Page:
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Before he became a celebrated playwright and winner of the Nobel Prize for Literature, George Bernard Shaw was a brilliant music critic in London for various publications.

It’s wonderful writing in every way, still of compelling interest and, strange to say of music criticism perhaps, very entertaining and often hilarious.

“I could make deaf stockbrokers read my two pages on music,” Shaw once boasted of his music columns and you can believe him after reading some.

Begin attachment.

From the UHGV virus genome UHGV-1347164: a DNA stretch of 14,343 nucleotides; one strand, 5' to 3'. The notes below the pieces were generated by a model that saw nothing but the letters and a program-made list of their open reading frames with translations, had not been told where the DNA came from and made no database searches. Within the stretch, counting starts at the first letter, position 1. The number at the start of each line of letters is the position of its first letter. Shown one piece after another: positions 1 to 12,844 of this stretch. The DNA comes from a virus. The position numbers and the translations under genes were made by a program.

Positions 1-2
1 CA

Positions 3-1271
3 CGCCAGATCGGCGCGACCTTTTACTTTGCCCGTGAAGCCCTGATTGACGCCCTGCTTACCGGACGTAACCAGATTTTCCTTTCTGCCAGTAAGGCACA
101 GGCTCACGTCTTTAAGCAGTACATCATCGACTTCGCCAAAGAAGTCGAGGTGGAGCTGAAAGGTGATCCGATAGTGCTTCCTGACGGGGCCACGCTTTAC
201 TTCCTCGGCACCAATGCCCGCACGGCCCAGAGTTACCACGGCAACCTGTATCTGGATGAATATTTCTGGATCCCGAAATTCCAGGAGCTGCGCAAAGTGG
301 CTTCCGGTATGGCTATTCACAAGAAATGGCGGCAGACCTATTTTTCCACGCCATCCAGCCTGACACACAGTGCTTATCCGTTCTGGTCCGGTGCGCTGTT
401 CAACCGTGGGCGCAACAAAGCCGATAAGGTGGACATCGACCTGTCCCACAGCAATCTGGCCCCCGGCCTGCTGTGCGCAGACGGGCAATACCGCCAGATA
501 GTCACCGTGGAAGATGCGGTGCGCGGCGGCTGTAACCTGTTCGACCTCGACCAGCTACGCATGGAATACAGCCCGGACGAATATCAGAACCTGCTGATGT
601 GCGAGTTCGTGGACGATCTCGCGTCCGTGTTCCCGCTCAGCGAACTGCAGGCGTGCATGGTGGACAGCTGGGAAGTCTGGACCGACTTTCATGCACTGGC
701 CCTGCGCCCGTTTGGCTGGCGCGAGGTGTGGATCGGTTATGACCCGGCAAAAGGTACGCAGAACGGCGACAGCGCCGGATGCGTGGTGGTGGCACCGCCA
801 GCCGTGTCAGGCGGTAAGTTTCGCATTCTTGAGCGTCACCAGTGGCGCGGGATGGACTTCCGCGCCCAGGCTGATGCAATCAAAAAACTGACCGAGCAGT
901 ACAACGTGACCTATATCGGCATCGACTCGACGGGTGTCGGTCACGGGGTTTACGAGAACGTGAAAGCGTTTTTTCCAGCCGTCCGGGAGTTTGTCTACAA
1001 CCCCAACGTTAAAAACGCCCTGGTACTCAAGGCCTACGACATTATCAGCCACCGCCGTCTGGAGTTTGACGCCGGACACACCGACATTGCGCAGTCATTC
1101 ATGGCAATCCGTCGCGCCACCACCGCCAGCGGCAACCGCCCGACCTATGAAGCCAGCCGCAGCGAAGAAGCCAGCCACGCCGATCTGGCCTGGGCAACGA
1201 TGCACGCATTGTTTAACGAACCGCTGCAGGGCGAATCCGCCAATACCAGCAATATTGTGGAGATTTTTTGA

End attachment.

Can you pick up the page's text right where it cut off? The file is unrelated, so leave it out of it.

Above you see some of my collection of his musical writings.

The first photo shows an almost complete edition of his musical reviews and essays. He started writing under a pseudonym, Corno di Bassetto.

The second photo is of a paperback selection of his music criticism.

The third and fourth photo are of an edition of some of his critical essays, which includes his brilliant commentary on Wagner’s “Ring” cycle called “The Perfect Wagnerite,” absolutely essential reading for anyone interested in the tetralogy. (I have often wished more directors would read it.)

The last two photos are random samples of the writing, which speaks for itself. Please enjoy responsibly.

As always, click on the photos for larger views.

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